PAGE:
Daughter of the Nile

A profile of Egyptian feminist and founder of Bint Al-Nil journal Doria Shafik.

Doria Shafik. Courtesy of the Rare Books and Special Collections Library/Van Leo Collection

Doria Shafik, Egypt’s best-known feminist and suffragette, started the women’s journal Bint Al-Nil at a low point in her life. She wanted to counter the public’s image of her as being “too French.” As editor-in-chief of La Femme Nouvelle, a Francophone culture magazine, Shafik was often associated with its publisher Princess Chevikar, the vengeful and publicly hated divorcee of King Fouad of Egypt. This association caused Shafik to be excluded from the Egyptian Feminist Union and regarded as one of Chevikar’s opulent “ladies of the salon de thé”—a tea-sipping detached elite, removed from the suffering of common Egyptians. Moreover, Shafik was bored with her job as a French-language inspector in the Education Ministry, and was frustrated with the limited progress made on women’s rights in her country. Her burning desire was to enter public life. To her, journalism was the gateway into that world.

The glossy Arabic-language Bint Al-Nil journal appeared on newsstands in November 1, 1945. It sold out within the first two hours, and did not stop circulating until 1957, when the government forced its closure. With a name derived from Shafik’s own self-identification as the “daughter of the Nile,” the purpose of the journal was to awaken Egyptian and Arab women to the women’s rights movement.

July 1953 cover for Bint Al-Nil Journal. Courtesy of the Rare Books and Special Collections Library.

Looking through the select articles of the journal made available by the American University in Cairo, one encounters an archetypical lifestyle magazine, featuring motherhood tips, philanthropic news and profiles of celebrated women in history, but the occasional dip into activism is hard to miss. Shafik used Bint Al-Nil as a platform to broadcast her radical feminist voice and promote better conditions for women.

The magazine successfully turned heads at a time when the women’s movement was buried in the heightened nationalism that marked the run-up to the Gamal Abdel Nasser-led revolt against the British and the ruling monarchy in 1952.  Close reading reveals the evolution of Shafik’s own intellectual thought and entrance into public life, which led her to some of the most profound feminist undertakings in her lifetime and in the Egyptian suffrage movement.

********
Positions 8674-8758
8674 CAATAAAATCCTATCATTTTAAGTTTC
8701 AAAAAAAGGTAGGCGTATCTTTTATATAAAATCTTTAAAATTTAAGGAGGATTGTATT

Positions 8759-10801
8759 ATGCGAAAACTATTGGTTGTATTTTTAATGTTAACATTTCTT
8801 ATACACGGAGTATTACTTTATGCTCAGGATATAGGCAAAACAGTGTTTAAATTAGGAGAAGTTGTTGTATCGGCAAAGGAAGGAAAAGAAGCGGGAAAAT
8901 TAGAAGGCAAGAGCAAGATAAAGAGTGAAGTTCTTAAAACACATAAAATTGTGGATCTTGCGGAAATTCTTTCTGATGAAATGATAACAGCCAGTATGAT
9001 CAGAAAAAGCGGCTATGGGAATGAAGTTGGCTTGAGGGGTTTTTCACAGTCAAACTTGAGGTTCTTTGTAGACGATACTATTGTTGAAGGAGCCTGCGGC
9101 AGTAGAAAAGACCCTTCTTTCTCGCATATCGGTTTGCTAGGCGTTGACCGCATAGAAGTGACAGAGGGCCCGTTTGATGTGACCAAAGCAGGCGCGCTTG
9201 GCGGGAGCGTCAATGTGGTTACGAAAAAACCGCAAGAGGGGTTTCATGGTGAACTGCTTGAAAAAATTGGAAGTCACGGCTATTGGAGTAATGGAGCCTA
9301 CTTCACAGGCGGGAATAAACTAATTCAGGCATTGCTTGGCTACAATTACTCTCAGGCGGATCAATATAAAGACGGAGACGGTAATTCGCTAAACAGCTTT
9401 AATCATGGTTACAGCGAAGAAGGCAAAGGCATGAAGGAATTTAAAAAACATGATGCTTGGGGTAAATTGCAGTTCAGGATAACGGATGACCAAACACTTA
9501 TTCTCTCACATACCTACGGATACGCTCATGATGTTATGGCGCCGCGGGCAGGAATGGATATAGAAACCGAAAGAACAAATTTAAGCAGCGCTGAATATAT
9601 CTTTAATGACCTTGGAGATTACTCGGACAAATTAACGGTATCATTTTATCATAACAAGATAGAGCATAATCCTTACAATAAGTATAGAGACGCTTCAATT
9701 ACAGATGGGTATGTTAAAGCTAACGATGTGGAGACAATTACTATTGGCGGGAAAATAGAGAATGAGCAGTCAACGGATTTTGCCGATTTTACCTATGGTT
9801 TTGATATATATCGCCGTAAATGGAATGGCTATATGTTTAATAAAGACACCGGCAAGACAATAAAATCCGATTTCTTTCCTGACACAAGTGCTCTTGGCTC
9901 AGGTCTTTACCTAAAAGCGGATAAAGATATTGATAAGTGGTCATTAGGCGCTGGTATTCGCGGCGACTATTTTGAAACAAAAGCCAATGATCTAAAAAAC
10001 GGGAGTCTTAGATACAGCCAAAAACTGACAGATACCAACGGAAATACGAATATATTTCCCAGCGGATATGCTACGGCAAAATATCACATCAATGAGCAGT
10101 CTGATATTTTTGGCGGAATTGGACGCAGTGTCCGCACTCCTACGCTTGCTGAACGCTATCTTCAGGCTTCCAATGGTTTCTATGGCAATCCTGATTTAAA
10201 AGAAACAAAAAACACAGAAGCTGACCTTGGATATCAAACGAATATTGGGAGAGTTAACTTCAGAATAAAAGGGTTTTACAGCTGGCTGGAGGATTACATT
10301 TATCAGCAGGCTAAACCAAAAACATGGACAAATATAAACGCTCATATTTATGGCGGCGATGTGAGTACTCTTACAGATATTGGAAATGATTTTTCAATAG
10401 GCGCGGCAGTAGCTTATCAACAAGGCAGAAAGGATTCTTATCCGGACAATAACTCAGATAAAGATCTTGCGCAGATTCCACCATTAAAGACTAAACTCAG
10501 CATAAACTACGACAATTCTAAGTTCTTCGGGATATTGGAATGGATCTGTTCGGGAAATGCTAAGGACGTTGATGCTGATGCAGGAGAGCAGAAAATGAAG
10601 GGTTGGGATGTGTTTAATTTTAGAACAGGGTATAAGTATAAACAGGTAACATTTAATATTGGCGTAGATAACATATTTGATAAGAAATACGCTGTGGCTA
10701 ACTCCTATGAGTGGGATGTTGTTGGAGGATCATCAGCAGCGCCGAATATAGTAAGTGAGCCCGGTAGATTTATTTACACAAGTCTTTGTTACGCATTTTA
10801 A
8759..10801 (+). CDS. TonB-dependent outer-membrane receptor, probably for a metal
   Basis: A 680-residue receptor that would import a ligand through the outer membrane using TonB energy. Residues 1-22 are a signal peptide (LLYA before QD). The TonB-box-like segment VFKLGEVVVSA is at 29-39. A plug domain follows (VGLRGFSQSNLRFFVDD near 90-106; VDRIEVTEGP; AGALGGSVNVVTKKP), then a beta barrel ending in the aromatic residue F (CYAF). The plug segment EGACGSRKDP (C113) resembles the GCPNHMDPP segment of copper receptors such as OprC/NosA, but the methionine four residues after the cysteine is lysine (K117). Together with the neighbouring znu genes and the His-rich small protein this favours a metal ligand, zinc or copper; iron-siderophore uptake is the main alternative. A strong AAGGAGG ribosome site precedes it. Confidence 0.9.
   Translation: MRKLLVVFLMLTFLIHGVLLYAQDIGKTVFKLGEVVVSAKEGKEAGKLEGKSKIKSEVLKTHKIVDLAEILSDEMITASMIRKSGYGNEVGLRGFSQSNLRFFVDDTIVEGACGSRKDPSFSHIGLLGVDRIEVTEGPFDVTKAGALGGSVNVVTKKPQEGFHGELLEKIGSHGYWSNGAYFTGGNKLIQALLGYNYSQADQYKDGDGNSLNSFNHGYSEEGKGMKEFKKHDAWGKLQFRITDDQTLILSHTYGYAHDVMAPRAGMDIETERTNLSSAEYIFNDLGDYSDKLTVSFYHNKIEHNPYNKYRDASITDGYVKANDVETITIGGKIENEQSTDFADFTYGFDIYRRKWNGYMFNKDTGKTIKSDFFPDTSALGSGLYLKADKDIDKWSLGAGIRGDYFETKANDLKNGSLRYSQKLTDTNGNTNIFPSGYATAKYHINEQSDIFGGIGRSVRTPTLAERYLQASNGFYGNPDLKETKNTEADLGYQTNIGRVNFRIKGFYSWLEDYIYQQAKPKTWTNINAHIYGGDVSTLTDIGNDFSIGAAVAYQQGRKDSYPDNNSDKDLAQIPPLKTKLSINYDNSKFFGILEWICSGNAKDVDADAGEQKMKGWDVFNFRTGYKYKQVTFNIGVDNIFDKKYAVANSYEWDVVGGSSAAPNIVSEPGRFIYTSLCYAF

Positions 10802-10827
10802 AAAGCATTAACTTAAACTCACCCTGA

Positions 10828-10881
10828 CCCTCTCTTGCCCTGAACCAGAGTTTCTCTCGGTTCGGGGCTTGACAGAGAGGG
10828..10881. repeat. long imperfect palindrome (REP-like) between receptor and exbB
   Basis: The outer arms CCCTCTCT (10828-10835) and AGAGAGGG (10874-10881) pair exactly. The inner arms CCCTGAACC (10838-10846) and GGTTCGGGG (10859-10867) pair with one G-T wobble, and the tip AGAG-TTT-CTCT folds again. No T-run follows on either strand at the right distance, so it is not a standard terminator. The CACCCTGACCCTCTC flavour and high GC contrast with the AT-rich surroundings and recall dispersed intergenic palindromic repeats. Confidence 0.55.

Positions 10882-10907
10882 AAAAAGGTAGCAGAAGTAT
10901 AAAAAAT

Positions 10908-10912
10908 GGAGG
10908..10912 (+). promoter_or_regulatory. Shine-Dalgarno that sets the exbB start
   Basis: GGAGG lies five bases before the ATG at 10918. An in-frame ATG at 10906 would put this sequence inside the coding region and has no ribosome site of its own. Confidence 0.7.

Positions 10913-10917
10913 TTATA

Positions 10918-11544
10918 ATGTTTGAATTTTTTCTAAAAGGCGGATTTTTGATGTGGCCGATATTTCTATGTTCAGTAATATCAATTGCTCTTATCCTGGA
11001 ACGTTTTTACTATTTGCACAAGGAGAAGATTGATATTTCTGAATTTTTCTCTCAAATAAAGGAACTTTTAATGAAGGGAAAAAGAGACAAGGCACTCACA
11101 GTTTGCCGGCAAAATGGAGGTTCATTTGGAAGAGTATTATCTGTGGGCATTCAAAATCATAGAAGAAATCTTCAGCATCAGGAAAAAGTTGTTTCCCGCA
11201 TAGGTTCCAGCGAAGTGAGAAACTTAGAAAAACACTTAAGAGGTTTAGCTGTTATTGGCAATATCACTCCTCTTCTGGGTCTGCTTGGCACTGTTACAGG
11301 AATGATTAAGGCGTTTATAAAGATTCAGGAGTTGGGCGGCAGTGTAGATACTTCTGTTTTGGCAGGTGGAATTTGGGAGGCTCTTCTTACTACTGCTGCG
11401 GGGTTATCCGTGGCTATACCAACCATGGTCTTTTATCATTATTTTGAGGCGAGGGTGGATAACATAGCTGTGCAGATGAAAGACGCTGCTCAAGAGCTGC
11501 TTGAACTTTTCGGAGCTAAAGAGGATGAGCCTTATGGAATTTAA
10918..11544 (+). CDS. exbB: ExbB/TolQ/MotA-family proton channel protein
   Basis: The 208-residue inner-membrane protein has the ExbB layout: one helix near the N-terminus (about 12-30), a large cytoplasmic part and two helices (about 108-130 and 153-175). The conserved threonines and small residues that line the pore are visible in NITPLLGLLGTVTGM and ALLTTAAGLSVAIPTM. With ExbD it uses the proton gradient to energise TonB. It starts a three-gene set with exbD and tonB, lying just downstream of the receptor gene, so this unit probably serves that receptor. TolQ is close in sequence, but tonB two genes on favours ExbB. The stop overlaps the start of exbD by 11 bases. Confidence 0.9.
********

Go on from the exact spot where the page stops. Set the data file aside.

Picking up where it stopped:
The journal also raises questions about the difficulties of generating a feminist discourse within a culturally impenetrable and patriarchal society in a country that gave women the right to vote only in 1956. As the editor, publisher, and owner of Bint Al-Nil, Shafik faced such challenges head-on. The first such challenge came from within the publication. In the first two years of Bint Al-Nil, Shafik’s editorial partner, Ibrahim Abdu, toned down her language in her editorials after they had been translated from French in order to avoid the “Al-Azharites’ immediate wrath and violent opposition to Bint Al-Nil.” At the time, Abdu claimed that Al-Azhar—Egypt’s top religious body—was strongly against women entering the same workforce as men. Aware of the mounting opposition to her project, Shafik fought hard to maintain editorial and financial independence.

By 1949, four years after the journal’s launch, Shafik was fighting criticism from the public and the press that she was inciting women to ignore their domestic responsibilities and engage in politics. Three times during the span of a year, she churned out editorials defending her publication’s mission and identity, arguing that it was neither a political organization nor did it aim to embolden women against religion. In the May issue of 1949, Shafik maintained that the magazine only hoped to encourage women to fight for their political rights. That women’s lack of political emancipation was at the core of their oppression pervaded Shafik’s feminist thinking.

In another editorial, she scoffed: “What will our men in Paris say when they are asked about the status of women in political life? Do they say they are at its bottom? […] Or do they say that they are at its zenith but are not equal to an illiterate carpenter or shoemaker who can fingerprint the ballot.” She signs off the piece with a call to parliament to grant women suffrage.